The two guitars are visually very similar. What sets them apart is the fact that Malcolm has wood grain visible on the body, while Micawber is finished in a solid color. Also, the humbucker pickup in the neck position is facing the opposite the way when you compare the two guitars.

Keith Richards 1954 Telecaster "Malcolm" seen backstage in Vancouver, 1972.
Keith Richards 1954 Telecaster “Malcolm” seen backstage in June 1971, Vancouver.
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Acoustic Guitars

Rosetti Classical Guitar

This was Keith’s first-ever guitar. Prior to this, he could only practice on his grandfather Gus’ classical guitar, so eventually, his mother Doris agreed to buy him his own.

Around 1959, when I was fifteen, Doris bought me my first guitar. I was already playing, when I could get one, but you can only tinker when you haven’t got one of your own. It was a Rosetti. And it was about ten quid.

Doris didn’t have the credit to buy it on hire purchase, so she got someone else to do it, and he defaulted on the payment–a big kerfuffle. It was a huge amount of money for her and Bert. But Gus must have had something to do with it too.

Keith Richards; Life

The only photo that exists of the Rosetti seems to be one published in Keith’s book. Based on it, the guitar had some very unique features to it, as the back of the bridge seems to have some sort of a metal plate, which would be unusual for a classical guitar. The pickguard also seems to be very random in shape, and almost looks as though Keith just cut out and glued a piece of paper on the body.

If you happen to know a guitar that would match this description, as always, post it in the comments. The photo that you see on the side is a visual representation of the guitar shown in Keith’s book, replicated in Photoshop. Some parts of it could be a bit wrong, due to the low quality of the original photo, so take note of that if you’re using it for your own research.

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1963 Harmony H-1270

Used somewhat regularly in 1964, seen most notably on Ready Steady Go!, filmed at Kingsway Studios in London on 14 February 1964.

The guitar somehow survived all those years, even though Keith didn’t seem to have used it at all after 1964, and it was sold in 2004 for $33,460 over at Christie’s.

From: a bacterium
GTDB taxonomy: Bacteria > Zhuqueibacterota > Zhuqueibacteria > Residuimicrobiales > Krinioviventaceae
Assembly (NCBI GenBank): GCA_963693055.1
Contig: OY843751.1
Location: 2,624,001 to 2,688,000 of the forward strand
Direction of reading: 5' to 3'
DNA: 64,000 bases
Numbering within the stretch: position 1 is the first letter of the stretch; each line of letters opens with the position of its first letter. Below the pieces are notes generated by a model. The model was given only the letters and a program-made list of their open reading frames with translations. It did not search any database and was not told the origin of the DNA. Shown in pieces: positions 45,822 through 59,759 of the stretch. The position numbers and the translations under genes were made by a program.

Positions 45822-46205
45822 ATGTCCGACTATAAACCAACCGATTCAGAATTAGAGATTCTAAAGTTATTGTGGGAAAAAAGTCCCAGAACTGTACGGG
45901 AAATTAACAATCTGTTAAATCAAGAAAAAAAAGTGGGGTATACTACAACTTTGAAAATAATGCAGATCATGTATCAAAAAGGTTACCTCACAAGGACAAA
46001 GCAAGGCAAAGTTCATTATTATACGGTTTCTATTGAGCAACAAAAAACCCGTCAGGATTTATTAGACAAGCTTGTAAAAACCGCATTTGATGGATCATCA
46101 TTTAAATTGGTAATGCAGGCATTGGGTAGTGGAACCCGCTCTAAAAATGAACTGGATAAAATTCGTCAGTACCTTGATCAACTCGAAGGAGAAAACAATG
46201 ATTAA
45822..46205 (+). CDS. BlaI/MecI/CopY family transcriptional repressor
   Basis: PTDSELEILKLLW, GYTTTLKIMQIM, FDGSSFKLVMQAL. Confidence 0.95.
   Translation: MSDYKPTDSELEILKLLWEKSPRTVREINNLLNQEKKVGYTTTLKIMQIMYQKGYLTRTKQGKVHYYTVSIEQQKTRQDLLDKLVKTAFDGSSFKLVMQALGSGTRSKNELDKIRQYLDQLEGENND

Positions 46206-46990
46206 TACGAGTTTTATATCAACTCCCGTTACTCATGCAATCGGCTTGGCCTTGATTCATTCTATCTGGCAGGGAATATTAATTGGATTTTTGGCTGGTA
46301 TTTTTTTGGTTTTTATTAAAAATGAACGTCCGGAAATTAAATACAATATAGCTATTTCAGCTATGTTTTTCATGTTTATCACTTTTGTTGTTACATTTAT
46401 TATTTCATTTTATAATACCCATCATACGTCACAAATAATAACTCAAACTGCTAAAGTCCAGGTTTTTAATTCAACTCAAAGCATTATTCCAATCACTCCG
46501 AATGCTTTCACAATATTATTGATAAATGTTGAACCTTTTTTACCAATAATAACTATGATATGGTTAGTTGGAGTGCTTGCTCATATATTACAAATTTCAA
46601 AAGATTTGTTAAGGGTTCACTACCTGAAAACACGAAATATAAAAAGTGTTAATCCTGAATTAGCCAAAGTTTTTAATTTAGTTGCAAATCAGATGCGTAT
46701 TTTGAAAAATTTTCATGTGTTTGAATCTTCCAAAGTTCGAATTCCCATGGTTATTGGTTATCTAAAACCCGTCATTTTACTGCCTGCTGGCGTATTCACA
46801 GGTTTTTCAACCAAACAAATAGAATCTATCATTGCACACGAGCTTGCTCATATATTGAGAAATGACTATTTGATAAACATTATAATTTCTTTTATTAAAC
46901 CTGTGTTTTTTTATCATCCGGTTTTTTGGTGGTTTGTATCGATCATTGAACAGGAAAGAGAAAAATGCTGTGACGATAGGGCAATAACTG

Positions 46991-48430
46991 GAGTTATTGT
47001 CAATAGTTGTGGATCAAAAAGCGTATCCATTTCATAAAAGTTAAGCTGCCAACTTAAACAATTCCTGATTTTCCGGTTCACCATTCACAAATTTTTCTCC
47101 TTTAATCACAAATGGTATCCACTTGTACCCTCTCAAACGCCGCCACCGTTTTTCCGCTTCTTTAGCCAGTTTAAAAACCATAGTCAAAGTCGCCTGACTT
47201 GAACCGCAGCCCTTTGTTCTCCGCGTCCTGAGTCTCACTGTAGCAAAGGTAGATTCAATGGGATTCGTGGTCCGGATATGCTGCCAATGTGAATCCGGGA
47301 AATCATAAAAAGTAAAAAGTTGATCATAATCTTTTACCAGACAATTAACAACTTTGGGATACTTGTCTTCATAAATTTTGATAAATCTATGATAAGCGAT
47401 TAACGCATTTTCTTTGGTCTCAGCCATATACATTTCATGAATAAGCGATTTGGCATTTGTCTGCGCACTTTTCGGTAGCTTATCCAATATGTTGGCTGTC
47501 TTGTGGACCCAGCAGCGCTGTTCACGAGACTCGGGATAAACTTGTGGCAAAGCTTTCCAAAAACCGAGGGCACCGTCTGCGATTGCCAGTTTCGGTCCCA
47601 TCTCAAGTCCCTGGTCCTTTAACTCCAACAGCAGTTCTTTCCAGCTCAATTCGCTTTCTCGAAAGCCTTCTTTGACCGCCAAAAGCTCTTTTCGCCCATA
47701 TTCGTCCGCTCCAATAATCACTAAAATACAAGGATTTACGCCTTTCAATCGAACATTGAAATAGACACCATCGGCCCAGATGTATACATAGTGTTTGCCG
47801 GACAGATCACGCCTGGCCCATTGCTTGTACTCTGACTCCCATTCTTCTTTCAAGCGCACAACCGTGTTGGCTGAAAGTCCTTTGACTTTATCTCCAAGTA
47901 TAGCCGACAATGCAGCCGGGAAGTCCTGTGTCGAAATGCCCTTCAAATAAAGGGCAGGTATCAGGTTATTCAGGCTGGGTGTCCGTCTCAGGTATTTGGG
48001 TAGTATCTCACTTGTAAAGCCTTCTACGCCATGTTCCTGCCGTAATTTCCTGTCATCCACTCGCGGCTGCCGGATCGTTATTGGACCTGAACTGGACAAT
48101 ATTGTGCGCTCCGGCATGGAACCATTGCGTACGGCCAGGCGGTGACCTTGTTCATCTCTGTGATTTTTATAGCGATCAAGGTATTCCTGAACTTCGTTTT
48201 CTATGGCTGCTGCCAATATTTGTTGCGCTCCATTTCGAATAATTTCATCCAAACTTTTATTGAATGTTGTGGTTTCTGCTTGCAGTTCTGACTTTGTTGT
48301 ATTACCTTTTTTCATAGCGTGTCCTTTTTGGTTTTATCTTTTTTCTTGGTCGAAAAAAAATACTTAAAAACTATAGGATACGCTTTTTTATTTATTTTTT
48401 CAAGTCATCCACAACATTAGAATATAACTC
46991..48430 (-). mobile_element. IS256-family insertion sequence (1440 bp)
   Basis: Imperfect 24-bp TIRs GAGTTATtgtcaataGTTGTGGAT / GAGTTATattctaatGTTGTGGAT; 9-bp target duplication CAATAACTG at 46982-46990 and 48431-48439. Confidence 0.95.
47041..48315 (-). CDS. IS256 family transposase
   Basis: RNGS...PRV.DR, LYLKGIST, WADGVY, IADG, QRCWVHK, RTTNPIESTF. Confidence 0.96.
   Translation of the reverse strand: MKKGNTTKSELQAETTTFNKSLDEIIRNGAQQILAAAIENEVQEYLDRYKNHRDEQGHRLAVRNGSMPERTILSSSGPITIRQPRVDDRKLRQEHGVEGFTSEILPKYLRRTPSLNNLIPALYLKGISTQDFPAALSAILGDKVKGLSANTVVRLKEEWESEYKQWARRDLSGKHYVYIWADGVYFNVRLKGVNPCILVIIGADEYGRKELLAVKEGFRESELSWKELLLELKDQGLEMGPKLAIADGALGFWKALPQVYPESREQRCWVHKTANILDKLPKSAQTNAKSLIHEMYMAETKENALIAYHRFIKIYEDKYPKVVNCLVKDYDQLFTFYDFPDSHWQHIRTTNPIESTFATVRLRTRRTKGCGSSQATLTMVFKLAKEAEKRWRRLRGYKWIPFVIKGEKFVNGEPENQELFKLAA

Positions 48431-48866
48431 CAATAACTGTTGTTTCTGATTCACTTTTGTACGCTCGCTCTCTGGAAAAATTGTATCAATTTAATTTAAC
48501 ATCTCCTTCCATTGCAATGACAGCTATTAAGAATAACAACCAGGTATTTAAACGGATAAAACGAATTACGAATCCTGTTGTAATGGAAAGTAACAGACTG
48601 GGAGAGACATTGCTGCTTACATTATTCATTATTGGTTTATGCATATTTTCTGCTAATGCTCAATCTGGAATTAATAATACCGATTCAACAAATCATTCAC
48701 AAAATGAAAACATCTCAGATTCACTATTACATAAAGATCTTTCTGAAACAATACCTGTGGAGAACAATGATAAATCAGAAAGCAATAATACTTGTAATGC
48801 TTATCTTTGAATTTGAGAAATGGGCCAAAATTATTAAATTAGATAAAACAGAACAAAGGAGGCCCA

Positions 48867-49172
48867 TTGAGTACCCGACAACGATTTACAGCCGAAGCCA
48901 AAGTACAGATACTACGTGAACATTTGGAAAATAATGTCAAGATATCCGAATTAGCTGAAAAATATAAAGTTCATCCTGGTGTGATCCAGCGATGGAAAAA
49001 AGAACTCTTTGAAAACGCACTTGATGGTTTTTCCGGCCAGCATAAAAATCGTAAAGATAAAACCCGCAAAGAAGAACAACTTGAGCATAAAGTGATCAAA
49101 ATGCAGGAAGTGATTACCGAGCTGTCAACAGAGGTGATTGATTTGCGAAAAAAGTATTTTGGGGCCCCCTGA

Image: Christie’s
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Framus 5/98 King Jumbo

Seen on the ABC’s Thank Your Lucky Stars TV pop music show filmed sometime in 1964. Aside from this, it doesn’t seem like Keith ever used this guitar, so the story behind it is unknown. It could be that it was just borrowed for the occasion of recording the show.

Keith playing a Framus 5/98 King Jumbo acoustic guitar.
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Amps

Vox AC30

Used in the early days, circa 1963, when Keith still used to play his Harmony Meteor H70 guitar (for photos please see Reslo & The Rolling Stones 1963 on Flickr). The same model of the amp was used throughout 1964 and 1965 by both Keith and Brian, only occasionally being swapped for a Fender Showman for live gigs.

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Fender Showman

First seen around 1964, more precisely during the Stones’ first American Tour. It seems that at that point both Brian and Keith used these amps.

The Rolling Stones Live on the TAMI Show, 1964

The amps were also used later on in 1965 (search for photos taken at Regal Cinema, Cambridge or Olympia Music Hall), although it seems that the Vox AC30s were used more often than the Fenders.

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Effects

Maestro FZ-1 Fuzz-Tone

Used most famously on “(I Can’t Get No) Satisfaction”).

(Commenting on “(I Can’t Get No) Satisfaction”): It was down to one little foot pedal, the Gibson fuzz tone, a little box they put out at that time. I’ve only ever used foot pedals twice–the other time was for Some Girls in the late ’70s when I used an XR box with a nice hillbilly Sun Records slap-echo on it. But effects are not my thing. I just go for the quality of sound.

Keith Richards, Life

Keith’s use of this pedal, and the huge success of the song, played a major role in making the fuzz guitar sound widely popular. This eventually led to the development of the now legendary pedals such as Tone Bender and the Fuzz Face, which all were of course ancestors of the modern distortion pedals that we all use today.

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Strings

Accessories